That was the first question that wasn’t included on the list I sent prior to the interview. He was sure and passionate about sharing his experience in his previous jobs that he didn’t even bother to check if it was included in the script he had.

He studied Bachelor of Science in Hotel and Restaurant Management and had his on-the-job training in a shipping company and a hotel. Being particularly interested in cooking, he usually prepares his specialty dishes for his family and friends. This includes sisig, turbo-broiled chicken, and other Western cuisine

“I would like to tell other autistic adults that they can work and earn a living with the help of a support system like our parents and family, our job coaches, advocacy organizations like the Autism Society Philippines and employers like Pancake House. We need to work hard and continue to believe in our potential to be successful. When I make mistakes, I just try harder to do things correctly, focus on my job and believe in myself,” says Gian Carlo.

At Pancake House, he’s situated at the front of the house. He goes into detail about the flow of his daily work: greeting customers, bussing tables, and cleaning up once everything is done. He points out that his main difficulty is to wake up early as he had to adjust for his 6 am shift. In terms of working with the other employees, he didn’t really have much problem with them.

Gian Carlo started working under MGI last October 2019. Prior to this, he has had work experience with other establishments such as the SM Market and the COMELEC.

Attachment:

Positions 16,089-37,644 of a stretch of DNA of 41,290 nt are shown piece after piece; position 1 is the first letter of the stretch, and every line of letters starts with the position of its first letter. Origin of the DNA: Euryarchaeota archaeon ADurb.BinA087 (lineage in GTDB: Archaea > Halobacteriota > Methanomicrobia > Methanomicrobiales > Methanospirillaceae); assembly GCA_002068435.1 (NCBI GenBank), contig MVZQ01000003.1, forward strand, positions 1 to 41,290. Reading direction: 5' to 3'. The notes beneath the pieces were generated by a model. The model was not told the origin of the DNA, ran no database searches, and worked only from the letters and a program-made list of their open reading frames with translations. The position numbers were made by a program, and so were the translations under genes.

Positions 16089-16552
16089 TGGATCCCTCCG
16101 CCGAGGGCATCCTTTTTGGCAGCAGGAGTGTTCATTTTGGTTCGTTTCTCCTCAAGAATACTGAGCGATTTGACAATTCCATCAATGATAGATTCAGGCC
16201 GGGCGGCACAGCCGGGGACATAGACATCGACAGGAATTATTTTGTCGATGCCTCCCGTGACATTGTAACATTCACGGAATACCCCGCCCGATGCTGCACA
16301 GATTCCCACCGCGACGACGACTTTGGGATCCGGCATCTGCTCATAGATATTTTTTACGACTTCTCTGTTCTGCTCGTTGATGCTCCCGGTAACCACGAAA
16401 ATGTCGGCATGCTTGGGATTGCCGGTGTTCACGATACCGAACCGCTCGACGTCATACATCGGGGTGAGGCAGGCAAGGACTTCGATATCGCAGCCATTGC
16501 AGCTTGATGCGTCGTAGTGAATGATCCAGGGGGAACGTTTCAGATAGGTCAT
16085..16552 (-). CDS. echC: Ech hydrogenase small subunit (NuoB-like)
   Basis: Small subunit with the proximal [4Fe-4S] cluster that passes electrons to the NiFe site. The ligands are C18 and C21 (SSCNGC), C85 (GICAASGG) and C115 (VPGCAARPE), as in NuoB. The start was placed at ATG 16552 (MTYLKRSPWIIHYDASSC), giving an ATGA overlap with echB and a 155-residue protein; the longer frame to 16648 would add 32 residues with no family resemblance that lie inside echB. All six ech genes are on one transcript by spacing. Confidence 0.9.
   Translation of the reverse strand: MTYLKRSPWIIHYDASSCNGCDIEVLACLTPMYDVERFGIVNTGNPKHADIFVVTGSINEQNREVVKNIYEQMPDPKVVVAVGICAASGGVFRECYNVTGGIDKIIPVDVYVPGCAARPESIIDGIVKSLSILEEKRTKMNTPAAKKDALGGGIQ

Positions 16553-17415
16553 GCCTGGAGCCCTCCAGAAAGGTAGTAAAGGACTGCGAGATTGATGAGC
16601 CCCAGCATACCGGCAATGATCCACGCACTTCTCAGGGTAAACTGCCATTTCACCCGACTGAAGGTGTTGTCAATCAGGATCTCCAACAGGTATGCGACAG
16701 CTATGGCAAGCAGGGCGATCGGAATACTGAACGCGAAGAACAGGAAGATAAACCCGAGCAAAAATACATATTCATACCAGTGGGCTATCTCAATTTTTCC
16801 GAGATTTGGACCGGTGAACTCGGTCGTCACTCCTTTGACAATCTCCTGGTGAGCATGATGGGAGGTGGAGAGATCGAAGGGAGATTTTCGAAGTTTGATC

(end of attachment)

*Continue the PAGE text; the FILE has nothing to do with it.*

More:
“They [co-workers] are very patient with me. I learned a lot of things from them and they help me with my work. The Autism Society Philippines held training with the store managers to teach them how to best help workers on the autism spectrum be more successful. I think that helped,” Carlo explains.

“We need to work hard and continue to believe in our potential to be successful. When I make mistakes, I just try harder to do things correctly, focus on my job and believe in myself,” says Carlo.

“I’m happy to be the first person on the autism spectrum that Pancake House accepted as an employee. I am glad they will hire more in other branches. I would like to tell other autistic adults that they can work and earn a living with the help of a support system like our parents and family, our job coaches, advocacy organizations like the Autism Society Philippines and employers like Pancake House. We need to work hard and continue to believe in our potential to be successful. When I make mistakes, I just try harder to do things correctly, focus on my job and believe in myself,” says Carlo.

The kind of confidence Carlo has in himself is proof that there shouldn’t be a barrier between PWDs and the professional industry. Exceeding expectations, consistently delivering, and passionately working are among their characteristics most often overlooked by the society. But if that’s the case, what’s stopping the industry from hiring more of them? 

As far as I’ve seen, they’re the most abled people I know.